States. NCJ 190076
Other publications on this topic:
Workplace Violence, 1992-96, 7/98. NCJ 168634
and Theft in the Workplace, 7/94. NCJ 148199
Indicators of School Crime and Safety, 2001, 10/01. Examines crime occurring
in school as well as on the way to and from school. A collaborative report from the Bureau of Justice Statistics and the National
Center for Education Statistics, it presents data on crime at school from the perspectives of students, teachers, principals,
and the general population, using a comprehensive array of sources. NCJ 190075
Indicators of School Crime and Safety,
2000, 10/00. 184176
Indicators of School Crime and Safety, 1999, 9/99. NCJ 178906
Indicators of School Crime and
Safety, 1998, 10/98. NCJ 172215
Intimate Partner Violence and Age of Victim, 10/01. Provides estimates of violence by
intimates (current or former spouses, girlfriends, and boyfriends) with an emphasis on the victim's age using the National
Crime Victimization Survey (NCVS), 1993-99. NCJ 187635
Hate Crimes Reported in NIBRS, 1997-99, 9/01. Utilizes data
from the FBIs National Incident-Based Reporting Program (NIBRS) to describe hate crimes reported to law enforcement in NIBRS-participating
jurisdictions, between 1997 and 1999. NCJ 186765
Injuries from Violent Crime, 1992-98, 6/01. Presents data from the
redesigned National Crime Victimization Survey, examining injuries as a result of violent victimizations. NCJ 168633
Criminal Victimization 2000: Changes 1999-2000 with Trends 1993-2000, 6/01. This report summarizes criminal victimization
levels and rates in 2000. It also includes other findings about the characteristics of victims and examines trends in victimization
rates from 1993 to 2000. NCJ 187007
Criminal Victimization 1999: Changes 1998-99 with Trends 1993-99, 8/00. NCJ
Criminal Victimization 1998: Changes 1997-98 with Trends 1993-98, 7/99. NCJ 176353
1997: Changes 1996-97 with Trends 1993-97, 12/98. NCJ 173385
Criminal Victimization 1996: Changes 1995-96 with Trends
1993-96, 11/97. NCJ 165812
Policing and Homicide, 1976-98: Justifiable Homicide of Felons by Police and Murder of Police
by Felons, 03/01. Presents annual trends from 1976 to 1998 in two types of homicide: justifiable homicides of felons by police,
and murders of police officers by felons. NCJ 180987
Violent Victimization and Race, 1993-98, 3/01. Presents incidence
estimates and per capita rates of violent victimization of whites, blacks, American Indians and Asians in 1998, and includes
victimization trends, 1993-98. NCJ 176354
Sexual Victimization of College Women, 1/01. A joint report from BJS and
the National Institute of Justice which explores the prevalence and nature of sexual assault occurring at colleges throughout
the nation. NCJ 182369
Criminal Victimization in the United States 1995, 5/00. Presents detailed data on major variables
measured by the National Crime Victimization Survey (NCVS) for 1995. NCJ 171129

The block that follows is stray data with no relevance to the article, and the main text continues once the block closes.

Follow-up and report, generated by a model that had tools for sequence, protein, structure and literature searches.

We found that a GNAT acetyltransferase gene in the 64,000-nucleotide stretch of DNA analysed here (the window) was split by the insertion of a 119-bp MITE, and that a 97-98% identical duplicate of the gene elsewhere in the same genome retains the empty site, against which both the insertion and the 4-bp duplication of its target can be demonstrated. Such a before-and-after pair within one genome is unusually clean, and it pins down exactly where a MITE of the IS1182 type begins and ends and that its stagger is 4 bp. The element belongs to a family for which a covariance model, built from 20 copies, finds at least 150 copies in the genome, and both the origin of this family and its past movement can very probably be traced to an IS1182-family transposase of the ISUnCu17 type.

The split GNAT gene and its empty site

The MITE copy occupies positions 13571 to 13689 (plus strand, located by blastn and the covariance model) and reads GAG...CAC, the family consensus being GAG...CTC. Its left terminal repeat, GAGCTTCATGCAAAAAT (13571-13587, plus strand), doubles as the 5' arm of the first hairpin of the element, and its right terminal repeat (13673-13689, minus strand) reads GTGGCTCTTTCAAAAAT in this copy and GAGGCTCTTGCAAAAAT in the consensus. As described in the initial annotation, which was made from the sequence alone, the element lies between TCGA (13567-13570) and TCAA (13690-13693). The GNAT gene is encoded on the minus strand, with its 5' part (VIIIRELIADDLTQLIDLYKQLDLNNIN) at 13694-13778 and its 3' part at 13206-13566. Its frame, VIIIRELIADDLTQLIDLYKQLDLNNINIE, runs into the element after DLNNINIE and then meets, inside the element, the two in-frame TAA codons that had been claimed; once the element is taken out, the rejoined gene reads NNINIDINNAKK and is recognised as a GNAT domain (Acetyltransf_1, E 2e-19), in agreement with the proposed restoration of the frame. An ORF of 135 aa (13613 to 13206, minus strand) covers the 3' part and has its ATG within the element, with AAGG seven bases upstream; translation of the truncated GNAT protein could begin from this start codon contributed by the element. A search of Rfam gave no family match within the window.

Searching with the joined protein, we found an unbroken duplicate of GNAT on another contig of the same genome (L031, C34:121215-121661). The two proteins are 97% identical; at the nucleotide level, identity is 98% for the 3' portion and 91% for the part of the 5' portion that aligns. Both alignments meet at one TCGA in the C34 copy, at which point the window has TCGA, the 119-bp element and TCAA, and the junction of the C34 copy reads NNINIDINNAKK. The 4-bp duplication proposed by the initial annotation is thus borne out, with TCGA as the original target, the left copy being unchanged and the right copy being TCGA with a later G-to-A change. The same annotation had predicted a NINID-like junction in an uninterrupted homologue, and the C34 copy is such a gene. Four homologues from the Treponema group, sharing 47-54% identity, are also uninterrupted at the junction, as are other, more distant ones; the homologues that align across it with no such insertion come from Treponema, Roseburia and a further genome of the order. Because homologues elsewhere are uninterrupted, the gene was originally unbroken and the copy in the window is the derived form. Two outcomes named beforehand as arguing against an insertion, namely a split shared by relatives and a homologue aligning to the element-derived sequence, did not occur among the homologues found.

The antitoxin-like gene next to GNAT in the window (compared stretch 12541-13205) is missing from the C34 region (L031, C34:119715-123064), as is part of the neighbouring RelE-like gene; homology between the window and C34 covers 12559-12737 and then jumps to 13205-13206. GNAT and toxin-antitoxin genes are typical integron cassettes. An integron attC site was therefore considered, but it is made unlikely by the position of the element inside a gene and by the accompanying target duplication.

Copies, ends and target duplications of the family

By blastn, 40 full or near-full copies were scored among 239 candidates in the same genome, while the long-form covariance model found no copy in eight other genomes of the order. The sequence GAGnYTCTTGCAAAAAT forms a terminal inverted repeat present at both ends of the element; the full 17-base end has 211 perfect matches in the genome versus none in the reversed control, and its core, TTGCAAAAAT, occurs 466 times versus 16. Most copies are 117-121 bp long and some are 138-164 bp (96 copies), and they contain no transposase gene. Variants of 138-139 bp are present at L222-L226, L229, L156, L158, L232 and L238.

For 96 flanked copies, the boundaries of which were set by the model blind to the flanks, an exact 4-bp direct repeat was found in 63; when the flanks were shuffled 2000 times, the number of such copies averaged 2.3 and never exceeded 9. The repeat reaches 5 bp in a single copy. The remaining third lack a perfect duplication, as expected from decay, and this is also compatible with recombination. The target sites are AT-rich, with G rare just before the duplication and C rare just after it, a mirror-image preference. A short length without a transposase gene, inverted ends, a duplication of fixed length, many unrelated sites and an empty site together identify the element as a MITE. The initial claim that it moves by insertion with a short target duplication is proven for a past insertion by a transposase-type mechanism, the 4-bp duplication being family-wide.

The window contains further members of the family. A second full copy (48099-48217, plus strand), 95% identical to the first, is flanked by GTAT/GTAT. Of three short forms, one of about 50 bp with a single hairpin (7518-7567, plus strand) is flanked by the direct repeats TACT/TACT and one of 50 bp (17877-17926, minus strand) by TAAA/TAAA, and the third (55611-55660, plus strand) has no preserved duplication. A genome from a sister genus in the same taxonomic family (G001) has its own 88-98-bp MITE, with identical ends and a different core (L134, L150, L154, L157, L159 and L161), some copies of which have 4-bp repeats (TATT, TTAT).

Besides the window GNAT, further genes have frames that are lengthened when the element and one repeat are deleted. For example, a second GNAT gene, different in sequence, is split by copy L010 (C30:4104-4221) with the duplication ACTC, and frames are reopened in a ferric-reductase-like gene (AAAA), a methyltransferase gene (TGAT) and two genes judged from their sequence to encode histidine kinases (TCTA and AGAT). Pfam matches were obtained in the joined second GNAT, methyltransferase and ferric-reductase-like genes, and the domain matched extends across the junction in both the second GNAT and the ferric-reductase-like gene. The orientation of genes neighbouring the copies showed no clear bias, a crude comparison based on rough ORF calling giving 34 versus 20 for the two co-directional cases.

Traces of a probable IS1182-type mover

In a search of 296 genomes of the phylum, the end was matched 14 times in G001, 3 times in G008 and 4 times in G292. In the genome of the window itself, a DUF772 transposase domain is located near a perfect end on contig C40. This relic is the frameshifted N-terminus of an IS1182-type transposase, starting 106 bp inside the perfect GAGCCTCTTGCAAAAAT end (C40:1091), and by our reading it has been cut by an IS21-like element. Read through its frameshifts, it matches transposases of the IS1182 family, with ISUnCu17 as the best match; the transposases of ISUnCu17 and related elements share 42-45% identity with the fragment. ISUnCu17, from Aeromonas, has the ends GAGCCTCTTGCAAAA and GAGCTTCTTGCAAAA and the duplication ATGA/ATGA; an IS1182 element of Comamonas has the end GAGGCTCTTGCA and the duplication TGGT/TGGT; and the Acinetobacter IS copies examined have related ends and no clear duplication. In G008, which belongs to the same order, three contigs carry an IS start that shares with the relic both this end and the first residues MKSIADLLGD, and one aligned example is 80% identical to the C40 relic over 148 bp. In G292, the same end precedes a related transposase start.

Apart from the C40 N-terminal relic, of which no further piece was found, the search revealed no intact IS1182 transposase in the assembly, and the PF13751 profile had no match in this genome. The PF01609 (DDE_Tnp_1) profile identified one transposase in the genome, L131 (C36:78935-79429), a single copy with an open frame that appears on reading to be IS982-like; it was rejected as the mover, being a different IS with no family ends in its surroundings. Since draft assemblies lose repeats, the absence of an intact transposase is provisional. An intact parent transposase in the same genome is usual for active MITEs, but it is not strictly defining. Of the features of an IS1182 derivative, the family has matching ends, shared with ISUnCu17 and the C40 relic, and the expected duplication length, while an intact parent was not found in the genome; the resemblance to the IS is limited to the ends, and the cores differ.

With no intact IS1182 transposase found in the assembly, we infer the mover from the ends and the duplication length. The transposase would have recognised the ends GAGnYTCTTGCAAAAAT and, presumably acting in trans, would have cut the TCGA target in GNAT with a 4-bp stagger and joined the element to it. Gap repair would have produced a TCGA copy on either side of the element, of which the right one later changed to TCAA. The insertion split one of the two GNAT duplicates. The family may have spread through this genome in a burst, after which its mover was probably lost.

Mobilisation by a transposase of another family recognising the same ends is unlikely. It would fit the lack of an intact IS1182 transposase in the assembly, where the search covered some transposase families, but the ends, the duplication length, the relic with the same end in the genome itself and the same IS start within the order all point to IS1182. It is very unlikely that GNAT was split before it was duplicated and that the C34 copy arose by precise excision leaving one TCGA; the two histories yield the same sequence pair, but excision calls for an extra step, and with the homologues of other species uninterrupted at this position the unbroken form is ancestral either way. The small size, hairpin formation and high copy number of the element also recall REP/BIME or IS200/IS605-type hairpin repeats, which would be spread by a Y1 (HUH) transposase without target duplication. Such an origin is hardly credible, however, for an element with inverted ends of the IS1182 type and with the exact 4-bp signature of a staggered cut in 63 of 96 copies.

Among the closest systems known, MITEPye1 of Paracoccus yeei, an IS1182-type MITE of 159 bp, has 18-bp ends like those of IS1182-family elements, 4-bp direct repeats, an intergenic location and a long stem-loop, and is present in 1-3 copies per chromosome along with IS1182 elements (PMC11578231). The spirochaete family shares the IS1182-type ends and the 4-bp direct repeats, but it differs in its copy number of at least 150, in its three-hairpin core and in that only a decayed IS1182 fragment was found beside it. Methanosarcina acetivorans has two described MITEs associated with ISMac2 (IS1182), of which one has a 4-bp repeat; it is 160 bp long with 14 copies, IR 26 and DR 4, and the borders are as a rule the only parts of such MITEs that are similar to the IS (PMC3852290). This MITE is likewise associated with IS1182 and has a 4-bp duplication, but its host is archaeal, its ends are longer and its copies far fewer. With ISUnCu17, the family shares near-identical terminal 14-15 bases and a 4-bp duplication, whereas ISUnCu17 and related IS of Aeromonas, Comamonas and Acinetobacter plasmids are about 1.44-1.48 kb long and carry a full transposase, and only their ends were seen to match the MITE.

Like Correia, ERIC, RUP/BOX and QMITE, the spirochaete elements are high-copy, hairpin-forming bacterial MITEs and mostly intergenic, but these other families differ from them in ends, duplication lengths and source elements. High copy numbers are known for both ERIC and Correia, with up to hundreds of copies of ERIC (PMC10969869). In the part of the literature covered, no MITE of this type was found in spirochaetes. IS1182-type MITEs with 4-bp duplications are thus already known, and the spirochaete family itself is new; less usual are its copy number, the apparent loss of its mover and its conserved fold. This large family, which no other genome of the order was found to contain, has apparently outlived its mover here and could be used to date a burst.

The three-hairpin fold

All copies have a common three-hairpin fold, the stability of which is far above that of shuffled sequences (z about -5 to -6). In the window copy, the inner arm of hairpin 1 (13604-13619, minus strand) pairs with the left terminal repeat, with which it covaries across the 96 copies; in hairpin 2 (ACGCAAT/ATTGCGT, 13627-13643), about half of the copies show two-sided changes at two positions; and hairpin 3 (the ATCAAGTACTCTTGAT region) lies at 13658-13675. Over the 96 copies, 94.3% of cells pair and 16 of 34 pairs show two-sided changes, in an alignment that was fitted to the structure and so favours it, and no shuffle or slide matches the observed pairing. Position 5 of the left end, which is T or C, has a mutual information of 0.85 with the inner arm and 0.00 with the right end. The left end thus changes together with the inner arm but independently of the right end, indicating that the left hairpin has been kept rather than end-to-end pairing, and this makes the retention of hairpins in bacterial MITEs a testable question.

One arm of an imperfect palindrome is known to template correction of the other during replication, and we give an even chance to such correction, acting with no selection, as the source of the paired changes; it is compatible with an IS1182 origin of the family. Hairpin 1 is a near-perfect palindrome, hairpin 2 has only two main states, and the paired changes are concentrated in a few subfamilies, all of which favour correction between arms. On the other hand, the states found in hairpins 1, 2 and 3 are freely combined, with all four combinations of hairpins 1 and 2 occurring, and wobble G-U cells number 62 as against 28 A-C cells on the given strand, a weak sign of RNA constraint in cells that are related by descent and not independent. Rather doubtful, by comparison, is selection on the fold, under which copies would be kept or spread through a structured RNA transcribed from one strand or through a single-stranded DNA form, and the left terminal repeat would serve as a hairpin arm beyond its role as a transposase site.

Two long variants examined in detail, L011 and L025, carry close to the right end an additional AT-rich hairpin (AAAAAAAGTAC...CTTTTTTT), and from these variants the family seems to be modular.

After 1995, these data are
available only in electronic formats. See Criminal Victimization in the United States - Statistical Tables 1/01.
Victimization in the United States 1994, 5/97. NCJ 162126
Criminal Victimization in the United States 1993,
5/96. NCJ 151657
Criminal Victimization in the United States 1992, 5/95. NCJ 145125
Urban, Suburban, and Rural Victimization,
1993-98, 10/00 Examines the extent of criminal victimization in urban, suburban, and rural areas using 1993 to 1998 National
Crime Victimization Survey (NCVS) data. NCJ 182031
Firearm Injury and Death from Crime, 1993-97 10/00 Reports on
the incidence of fatal and nonfatal firearm injuries that result from crime. Most of the data presented are from the FBIs
Supplementary Homicide Reports and Centers for Disease Control and Prevention's Vital Statistics and the Firearms Injury Surveillance
Study which collects data on injuries treated in hospital emergency departments. NCJ 182993
Sexual Assault of Young
Children as Reported to Law Enforcement: Victim, Incident, and Offender Characteristics 7/00. Presents findings from the National
Incident-Based Reporting System (NIBRS) regarding sexual assault, especially of young children. NCJ 182990
Partner Violence, 5/00. Provides information on fatal and nonfatal violence by intimates (current or former spouses, girlfriends,
or boyfriends) from 1993 through 1998. NCJ 178247
Homicide Trends in the United States: 1998 Update, 3/00. Outlines
the primary findings from the section of the BJS website about homicide patterns and trends since 1976 (www.ojp.usdoj.gov/bjs/homicide/homtrnd.htm).
Homicide Trends in the United States, 1/99. NCJ 173956
Criminal Victimization and Perceptions of
Community Safety in 12 Cities, 1998, 6/99. Presents survey data from 12 cities regarding criminal victimization and residents'
attitudes toward their neighborhood, their city, and the local policing services. NCJ 173940
Carjackings in the